Lag B’Omer in Jerusalem, Israel, is not my favorite holiday.
I prefer to close my windows and hide inside,
but I ventured out to see what was happening,
and here are my favorite sights:
1. Wood of all kinds is collected and burned, but a baby crib?
2. One fire shows why wooden pallets are popular.
3. The Jerusalem Theater in the background
glowed like the many fires in park below.
4. There were many, many fires in that park.
First Station, on the other hand, was not the place to be
on Lag B’Omer night as most of it was closed.
Many people stayed out all night around the fires,
but during the day with no school,
children needed something to do.
5. Attentive faces and face painting at
6. Chabad Rechavia parade and event with Rabbi Goldberg,
always favorites of Jerusalem families.
Gan Sacher, Sacher Park, looked big, green and beautiful.
7. Musicians under a tree attracted an afternoon crowd.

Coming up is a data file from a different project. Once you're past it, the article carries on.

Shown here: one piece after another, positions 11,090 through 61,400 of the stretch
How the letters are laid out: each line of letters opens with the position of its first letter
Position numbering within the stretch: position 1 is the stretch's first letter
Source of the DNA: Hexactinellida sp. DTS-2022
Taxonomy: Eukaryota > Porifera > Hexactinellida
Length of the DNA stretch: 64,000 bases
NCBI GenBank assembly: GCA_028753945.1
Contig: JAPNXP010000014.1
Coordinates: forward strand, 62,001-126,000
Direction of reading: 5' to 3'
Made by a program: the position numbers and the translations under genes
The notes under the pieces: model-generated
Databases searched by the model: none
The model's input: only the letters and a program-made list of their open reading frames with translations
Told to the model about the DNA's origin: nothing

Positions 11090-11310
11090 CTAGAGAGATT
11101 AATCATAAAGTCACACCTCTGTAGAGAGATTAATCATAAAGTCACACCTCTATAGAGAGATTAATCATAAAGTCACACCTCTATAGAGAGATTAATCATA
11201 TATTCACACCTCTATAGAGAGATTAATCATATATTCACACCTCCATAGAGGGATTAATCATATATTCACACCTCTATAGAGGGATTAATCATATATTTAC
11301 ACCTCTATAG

I would have stayed longer to listen,
but I had to head home for dinner.
8. This walking/biking path in the Valley of the Cross
had huge boulders to keep vehicles away,
yet people would move them and drive towards Gan Sacher.
Now one simple bollard does the job.
As I was marveling at the cleverness of that improvement,
I saw a man in an underpass taking advantage of the echo.
9. He was playing an Israeli didgeridoo.
The instrument was first crafted by Aborigines
from branches hollowed out by termites,
its sound has been improved using Israeli technology.
They are used at a corroboree,
Australian Aboriginal ceremonies usually held
around a campfire at night with singing and dancing.
What a way to end a Jewish holiday associated with
campfires, music, singing and dancing!
You never know what you will find
on the Jerusalem, Israel streets!